No. People who have immunity to chickenpox through vaccination do not appear to be at risk of severe HZ, and it is not recommended that they be vaccinated against shingles.11 That said, health care providers do not need to inquire about previous VZV vaccination before administering the HZ vaccine, as so few people in the age group for which HZ vaccination is recommended have had VZV vaccination.11
No. The vaccine must be maintained at a temperature of −15°C or colder, during shipping and storage. The diluents should be stored at room temperature (20°C to 25°C) or in the refrigerator (2°C to 8°C). Do not store the diluent in the freezer.10
Stability studies have shown that the HZ vaccine can be stored and transported at refrigerator temperature for up to 72 continuous hours before reconstitution. Vaccine stored in the refrigerator for more than 72 hours past removal from storage at −15°C should be discarded. Do not refreeze the vaccine.
The vaccine should be administered within 30 minutes after reconstitution in order to minimize loss of potency.
Overall, the HZ vaccine has a low incidence of side effects. The safety of the vaccine has been studied in more than 20 000 adults 50 years of age or older in clinical trials. In the SPS, injection site reactions (erythema, pain, swelling, pruritus, warmth, and hematoma) occurred in 48% of people who received the vaccine (versus 17% in the placebo arm).10 Further details are provided in Table 2.10,26
To prevent 1 case of HZ and 1 case of PHN in individuals 65 years of age and older, 11 and 43 people, respectively, need to be vaccinated.14
Some studies suggest that immunity to VZV is boosted through repeated exposure to varicella or HZ in adulthood. While it is plausible that a sufficient number of varicella exposures can reduce the risk of HZ in select populations, it remains unclear whether such levels of exposure have an epidemiologically important role in reducing the risk of HZ among the general population of older adults.11,27,28
Those older than 80 years are at the greatest risk for HZ and PHN. The effectiveness of the HZ vaccine in adults older than 80 years was unclear in the SPS trial; however, a recent large retrospective cohort study for Zostavax demonstrated that vaccine effectiveness was maintained across all age strata, including the oldest vaccine recipients (P = .62).29
Neither Health Canada nor NACI have set an upper age limit on the use of the vaccine,1 while the ACIP recommends that the vaccine be offered to all eligible people, including older individuals, frail individuals, and individuals with chronic illnesses.21 Heterogeneity of health makes age criteria much less helpful. A “non-frail” 85-year-old might derive similar or enhanced benefit from the vaccine compared with a “frail” 75-year-old.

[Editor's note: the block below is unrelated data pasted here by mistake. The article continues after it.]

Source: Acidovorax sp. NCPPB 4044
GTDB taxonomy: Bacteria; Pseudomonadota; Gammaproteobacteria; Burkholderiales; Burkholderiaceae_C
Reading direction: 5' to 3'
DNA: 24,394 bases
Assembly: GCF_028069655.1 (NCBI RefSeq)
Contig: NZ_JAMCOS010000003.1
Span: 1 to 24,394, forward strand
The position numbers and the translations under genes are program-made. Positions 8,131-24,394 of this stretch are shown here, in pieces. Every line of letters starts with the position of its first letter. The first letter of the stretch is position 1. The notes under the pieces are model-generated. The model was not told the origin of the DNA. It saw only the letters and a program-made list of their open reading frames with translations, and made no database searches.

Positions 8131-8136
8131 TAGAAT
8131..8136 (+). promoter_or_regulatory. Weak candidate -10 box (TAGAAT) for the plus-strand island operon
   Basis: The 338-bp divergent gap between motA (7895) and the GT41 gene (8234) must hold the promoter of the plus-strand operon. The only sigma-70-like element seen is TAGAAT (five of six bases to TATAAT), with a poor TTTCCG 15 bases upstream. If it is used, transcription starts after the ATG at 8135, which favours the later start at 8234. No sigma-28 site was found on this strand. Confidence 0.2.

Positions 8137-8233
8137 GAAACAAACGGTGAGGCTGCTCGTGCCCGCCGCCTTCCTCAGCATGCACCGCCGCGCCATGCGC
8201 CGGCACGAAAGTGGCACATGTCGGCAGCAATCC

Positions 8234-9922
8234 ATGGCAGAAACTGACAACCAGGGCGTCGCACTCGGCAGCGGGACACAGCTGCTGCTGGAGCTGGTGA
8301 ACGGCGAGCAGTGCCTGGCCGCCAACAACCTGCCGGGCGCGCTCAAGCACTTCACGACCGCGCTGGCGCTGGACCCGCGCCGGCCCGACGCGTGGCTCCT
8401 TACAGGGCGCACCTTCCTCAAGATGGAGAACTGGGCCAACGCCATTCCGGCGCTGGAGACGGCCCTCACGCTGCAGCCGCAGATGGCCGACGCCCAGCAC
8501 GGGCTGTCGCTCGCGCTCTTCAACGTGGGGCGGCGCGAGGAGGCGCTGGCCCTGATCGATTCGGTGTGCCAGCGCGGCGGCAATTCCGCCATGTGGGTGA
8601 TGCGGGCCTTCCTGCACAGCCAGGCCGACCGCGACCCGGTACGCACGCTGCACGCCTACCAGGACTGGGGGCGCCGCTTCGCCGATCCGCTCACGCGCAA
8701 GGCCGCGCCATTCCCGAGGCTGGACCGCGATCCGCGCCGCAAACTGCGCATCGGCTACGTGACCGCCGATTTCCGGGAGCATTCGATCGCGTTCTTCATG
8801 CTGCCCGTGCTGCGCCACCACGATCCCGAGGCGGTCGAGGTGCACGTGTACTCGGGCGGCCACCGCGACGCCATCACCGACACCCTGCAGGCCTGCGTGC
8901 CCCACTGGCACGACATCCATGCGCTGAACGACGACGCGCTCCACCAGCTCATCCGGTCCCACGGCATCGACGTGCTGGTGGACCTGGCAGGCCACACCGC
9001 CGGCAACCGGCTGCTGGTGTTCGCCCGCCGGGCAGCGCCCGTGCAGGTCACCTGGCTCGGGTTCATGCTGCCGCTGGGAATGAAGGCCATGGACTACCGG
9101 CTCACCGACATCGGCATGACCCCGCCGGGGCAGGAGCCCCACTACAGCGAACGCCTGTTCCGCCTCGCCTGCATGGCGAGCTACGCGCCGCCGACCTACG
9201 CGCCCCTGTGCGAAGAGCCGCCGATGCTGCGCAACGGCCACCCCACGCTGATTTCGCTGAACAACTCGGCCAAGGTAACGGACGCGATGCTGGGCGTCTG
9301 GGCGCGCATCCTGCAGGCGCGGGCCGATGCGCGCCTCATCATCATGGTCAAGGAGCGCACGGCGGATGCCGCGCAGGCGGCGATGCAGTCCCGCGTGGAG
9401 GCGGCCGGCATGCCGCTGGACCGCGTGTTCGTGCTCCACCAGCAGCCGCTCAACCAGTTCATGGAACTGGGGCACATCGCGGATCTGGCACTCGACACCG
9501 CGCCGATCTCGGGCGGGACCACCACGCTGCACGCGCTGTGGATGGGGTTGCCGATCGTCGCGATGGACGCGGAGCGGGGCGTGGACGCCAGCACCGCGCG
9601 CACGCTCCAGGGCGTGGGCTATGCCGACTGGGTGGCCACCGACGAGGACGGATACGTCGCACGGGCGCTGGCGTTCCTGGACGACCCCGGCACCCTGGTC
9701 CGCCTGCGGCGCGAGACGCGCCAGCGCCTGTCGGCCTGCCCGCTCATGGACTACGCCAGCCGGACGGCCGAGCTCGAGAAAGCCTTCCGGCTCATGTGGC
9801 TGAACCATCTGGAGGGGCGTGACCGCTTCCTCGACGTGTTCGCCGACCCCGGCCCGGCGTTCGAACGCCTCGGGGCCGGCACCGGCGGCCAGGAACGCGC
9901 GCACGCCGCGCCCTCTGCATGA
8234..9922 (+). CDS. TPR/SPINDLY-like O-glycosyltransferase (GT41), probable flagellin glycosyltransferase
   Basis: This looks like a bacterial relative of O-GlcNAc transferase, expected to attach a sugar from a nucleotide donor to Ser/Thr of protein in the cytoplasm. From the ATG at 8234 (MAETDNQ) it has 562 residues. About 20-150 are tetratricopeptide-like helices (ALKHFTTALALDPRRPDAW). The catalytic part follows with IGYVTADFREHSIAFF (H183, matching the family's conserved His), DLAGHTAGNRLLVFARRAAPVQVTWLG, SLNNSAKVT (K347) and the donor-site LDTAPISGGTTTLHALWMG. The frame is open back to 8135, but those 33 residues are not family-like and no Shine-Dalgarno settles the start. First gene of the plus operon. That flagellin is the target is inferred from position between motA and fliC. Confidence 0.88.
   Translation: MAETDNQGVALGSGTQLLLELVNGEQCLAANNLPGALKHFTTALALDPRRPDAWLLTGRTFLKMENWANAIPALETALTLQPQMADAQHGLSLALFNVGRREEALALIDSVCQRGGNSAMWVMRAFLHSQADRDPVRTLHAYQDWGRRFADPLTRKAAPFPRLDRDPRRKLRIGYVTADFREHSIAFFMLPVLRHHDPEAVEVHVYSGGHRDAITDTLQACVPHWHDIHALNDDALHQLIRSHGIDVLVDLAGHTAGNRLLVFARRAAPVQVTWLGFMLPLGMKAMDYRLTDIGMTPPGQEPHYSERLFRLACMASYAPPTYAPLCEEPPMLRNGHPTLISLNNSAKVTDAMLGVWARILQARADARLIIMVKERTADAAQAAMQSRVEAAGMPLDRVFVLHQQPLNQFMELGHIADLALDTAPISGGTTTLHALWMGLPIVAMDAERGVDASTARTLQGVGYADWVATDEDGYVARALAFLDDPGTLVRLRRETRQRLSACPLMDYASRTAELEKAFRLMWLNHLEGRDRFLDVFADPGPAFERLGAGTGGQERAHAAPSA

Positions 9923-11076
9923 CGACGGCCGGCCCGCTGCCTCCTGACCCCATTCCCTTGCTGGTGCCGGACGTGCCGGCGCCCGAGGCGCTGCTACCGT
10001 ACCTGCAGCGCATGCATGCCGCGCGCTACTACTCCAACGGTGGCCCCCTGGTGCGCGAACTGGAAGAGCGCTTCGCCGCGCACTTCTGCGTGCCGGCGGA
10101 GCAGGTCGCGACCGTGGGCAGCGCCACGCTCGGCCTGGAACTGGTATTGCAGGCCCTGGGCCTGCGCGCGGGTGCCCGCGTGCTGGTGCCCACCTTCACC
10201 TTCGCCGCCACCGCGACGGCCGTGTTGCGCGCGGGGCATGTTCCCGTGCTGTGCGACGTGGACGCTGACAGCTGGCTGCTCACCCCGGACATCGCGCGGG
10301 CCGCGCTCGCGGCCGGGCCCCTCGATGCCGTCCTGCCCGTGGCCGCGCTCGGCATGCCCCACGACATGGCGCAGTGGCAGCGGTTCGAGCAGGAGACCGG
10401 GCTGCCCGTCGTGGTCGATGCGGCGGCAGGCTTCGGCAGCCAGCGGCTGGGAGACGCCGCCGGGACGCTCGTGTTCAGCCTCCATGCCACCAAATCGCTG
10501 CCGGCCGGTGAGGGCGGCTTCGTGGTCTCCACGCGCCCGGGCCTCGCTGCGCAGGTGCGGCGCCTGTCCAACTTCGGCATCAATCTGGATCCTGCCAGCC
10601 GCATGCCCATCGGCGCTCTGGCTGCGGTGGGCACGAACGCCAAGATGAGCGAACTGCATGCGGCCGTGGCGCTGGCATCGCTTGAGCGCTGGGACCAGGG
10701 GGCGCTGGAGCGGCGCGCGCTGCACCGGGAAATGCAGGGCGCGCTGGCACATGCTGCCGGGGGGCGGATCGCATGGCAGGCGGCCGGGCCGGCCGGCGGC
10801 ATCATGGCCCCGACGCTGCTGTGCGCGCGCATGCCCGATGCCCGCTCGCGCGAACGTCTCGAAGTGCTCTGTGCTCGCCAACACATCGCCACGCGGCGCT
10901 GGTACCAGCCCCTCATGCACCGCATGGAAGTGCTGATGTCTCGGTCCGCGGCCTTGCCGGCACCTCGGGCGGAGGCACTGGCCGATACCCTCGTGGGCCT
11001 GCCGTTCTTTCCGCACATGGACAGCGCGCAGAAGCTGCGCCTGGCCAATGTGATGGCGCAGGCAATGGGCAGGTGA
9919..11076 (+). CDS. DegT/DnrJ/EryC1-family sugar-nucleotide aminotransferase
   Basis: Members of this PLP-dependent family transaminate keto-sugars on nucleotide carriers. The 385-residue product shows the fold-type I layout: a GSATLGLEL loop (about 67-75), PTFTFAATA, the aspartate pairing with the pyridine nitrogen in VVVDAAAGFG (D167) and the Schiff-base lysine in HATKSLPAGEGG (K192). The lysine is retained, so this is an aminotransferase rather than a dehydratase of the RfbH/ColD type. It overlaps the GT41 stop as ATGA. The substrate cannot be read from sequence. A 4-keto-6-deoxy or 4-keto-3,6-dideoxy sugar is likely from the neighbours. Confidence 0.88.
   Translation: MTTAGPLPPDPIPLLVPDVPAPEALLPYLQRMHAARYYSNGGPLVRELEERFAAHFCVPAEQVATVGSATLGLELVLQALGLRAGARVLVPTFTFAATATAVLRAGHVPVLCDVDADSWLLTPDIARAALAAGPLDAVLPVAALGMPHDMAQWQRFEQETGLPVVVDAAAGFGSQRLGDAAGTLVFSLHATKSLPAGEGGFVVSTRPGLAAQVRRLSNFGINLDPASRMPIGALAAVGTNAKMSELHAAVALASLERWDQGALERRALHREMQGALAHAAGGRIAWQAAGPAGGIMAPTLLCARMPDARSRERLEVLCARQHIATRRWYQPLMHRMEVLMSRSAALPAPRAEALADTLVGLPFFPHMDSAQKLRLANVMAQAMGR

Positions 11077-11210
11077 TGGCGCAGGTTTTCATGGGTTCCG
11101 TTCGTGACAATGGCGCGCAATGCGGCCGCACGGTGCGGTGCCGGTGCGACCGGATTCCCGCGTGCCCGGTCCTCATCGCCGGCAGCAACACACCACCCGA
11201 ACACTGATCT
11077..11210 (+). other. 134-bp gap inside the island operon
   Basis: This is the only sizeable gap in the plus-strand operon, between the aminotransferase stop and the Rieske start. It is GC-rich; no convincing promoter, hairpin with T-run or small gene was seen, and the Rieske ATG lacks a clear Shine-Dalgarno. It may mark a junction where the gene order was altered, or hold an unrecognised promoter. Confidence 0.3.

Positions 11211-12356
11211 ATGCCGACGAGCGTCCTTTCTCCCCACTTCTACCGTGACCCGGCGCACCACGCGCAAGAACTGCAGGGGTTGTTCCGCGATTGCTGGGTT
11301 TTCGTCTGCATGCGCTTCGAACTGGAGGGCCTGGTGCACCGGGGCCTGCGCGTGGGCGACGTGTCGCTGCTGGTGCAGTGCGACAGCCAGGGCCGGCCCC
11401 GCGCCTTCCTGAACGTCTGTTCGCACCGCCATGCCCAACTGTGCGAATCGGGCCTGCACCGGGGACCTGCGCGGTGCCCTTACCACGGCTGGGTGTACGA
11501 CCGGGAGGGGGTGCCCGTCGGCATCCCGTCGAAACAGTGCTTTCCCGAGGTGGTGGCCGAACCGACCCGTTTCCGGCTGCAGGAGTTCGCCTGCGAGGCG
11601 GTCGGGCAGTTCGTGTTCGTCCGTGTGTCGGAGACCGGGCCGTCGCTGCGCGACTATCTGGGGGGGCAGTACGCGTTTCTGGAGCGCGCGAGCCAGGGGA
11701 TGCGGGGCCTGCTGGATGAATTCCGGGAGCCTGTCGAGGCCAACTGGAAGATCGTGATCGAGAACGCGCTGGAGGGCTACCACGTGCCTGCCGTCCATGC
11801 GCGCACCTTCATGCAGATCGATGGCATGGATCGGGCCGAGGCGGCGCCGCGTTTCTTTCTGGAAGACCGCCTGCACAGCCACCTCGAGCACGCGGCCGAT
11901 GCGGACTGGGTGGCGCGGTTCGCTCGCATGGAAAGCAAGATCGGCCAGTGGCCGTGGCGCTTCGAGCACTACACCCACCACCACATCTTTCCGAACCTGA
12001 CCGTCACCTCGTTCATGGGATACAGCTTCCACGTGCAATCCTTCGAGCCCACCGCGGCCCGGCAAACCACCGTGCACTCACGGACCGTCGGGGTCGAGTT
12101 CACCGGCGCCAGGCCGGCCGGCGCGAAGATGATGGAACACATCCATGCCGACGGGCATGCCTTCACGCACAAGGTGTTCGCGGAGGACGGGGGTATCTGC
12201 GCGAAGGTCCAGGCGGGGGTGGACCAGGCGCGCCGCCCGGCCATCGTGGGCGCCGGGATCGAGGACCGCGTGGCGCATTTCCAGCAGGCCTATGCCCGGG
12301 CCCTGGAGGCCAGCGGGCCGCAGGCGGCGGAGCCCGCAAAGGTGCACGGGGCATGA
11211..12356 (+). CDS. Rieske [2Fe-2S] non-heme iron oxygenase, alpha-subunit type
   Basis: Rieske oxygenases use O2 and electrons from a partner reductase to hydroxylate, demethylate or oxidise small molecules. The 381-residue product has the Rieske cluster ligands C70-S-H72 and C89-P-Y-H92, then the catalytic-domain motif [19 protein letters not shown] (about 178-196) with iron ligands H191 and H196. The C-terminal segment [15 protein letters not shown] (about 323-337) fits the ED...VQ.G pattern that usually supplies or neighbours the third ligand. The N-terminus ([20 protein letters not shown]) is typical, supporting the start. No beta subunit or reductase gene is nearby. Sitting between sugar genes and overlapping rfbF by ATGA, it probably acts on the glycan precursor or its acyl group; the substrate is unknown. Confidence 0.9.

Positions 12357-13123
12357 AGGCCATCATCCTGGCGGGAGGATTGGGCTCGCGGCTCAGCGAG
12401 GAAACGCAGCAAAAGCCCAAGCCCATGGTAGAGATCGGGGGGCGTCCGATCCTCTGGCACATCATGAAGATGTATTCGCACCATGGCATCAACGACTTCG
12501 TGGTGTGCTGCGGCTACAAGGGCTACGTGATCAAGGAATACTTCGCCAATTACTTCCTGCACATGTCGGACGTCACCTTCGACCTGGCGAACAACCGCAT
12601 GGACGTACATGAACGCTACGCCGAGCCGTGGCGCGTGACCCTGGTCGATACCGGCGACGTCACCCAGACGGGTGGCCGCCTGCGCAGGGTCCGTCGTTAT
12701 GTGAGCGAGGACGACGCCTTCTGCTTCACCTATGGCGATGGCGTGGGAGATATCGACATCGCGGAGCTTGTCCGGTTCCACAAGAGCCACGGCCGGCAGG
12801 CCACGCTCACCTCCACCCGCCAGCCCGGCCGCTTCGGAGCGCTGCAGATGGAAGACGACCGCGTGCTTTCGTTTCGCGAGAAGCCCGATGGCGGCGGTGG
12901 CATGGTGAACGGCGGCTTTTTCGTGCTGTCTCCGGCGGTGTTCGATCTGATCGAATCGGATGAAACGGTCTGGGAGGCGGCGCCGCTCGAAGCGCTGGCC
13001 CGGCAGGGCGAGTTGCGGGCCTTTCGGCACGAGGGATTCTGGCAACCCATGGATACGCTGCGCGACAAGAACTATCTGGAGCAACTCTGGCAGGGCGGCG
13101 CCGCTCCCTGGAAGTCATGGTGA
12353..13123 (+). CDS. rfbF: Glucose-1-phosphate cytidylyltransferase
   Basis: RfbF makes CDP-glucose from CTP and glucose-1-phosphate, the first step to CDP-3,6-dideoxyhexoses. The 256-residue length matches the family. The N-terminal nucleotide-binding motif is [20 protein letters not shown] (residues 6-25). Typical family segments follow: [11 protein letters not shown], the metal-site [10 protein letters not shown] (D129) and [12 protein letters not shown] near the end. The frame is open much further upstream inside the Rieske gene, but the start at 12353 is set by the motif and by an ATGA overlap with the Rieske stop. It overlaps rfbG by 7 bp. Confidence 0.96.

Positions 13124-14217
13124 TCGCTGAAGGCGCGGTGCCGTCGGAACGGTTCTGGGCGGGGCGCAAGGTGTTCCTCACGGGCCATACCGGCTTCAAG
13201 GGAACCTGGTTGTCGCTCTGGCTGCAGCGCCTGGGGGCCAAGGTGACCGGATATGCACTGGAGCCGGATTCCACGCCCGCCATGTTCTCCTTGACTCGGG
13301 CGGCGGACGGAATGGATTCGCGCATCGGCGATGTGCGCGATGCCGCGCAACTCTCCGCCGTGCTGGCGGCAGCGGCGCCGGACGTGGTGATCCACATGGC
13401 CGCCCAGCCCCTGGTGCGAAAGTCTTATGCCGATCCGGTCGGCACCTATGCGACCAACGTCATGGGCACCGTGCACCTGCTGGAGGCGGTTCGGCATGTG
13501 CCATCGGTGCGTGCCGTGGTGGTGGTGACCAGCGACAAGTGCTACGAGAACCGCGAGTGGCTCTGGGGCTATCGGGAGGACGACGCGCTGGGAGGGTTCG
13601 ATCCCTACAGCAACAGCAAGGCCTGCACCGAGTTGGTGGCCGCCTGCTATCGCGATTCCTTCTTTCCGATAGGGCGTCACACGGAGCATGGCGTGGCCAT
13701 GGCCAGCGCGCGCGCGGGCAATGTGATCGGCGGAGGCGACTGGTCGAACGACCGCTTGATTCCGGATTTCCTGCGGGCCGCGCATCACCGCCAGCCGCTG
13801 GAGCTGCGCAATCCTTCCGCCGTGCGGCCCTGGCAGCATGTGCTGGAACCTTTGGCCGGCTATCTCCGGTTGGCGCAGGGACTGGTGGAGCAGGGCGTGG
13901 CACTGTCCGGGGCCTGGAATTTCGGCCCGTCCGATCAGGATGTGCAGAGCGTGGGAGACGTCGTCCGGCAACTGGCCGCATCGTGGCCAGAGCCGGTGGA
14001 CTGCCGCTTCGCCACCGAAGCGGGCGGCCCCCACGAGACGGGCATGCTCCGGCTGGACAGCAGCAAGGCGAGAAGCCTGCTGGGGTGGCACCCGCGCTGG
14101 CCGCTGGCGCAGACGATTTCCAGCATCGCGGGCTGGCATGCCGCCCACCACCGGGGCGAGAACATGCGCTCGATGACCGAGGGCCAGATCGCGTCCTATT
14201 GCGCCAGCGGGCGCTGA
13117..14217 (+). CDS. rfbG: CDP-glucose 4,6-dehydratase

The HZ vaccine is safe and effective in reducing the incidence of HZ and PHN, as well as in attenuating the severity of HZ disease in older adults. The NACI advises that the vaccine be recommended for all adults aged 60 years and older and be considered in those older than 50 years.1
In Canada, direct medical costs are approximately $68 million annually for the diagnosis and treatment of HZ and its complications.2 As a prevention strategy, the HZ vaccine is both complicated (owing to cold-chain requirements) and costly (approximately $150 per person), as the vaccine is not publicly funded. However, results of economic studies suggest that vaccinating adults with the HZ vaccine, especially individuals aged 60 to 75 years, is a cost-effective intervention and a judicious use of scarce health care resources, particularly in light of the large aging population.30.31
The data support HZ vaccination as a feasible and safe prevention strategy for reducing the overall burden of HZ. Herpes zoster vaccination should become an integral part of the promotion of healthy aging.
Financial support was provided by SIGMA Canadian Menopause Society through an unrestricted educational grant provided by Merck.
The greatest benefit of the herpes zoster (HZ) vaccine is its prevention of postherpetic neuralgia, which can be extremely difficult to treat. Clinical trials have demonstrated the efficacy of the vaccine. This live virus vaccine is contraindicated in many immunocompromised individuals. Those taking antiviral medications against the HZ virus should cease treatment at least 24 hours before administration of the vaccine and avoid restarting treatment for at least 2 weeks after. Side effects typically involve injection site reactions (eg, erythema, pain, pruritus). Delivering the HZ vaccine is complicated because the vaccine must be stored frozen, it is costly, and it is not publicly funded in Canada. However, the burden of HZ and postherpetic neuralgia is such that both the US Advisory Committee on Immunization Practices and the Canadian National Advisory Committee on Immunization recommend routine vaccination in adults 60 years of age and older.
This article has been peer reviewed.
This article is eligible for Mainpro-M1 credits. To earn credits, go to www.cfp.ca and click on the Mainpro link.
*Product monographs are reviewed and approved by Health Canada and contain information that might not be published or available in peer-reviewed journals.
All authors contributed to the literature review and preparing the article for submission.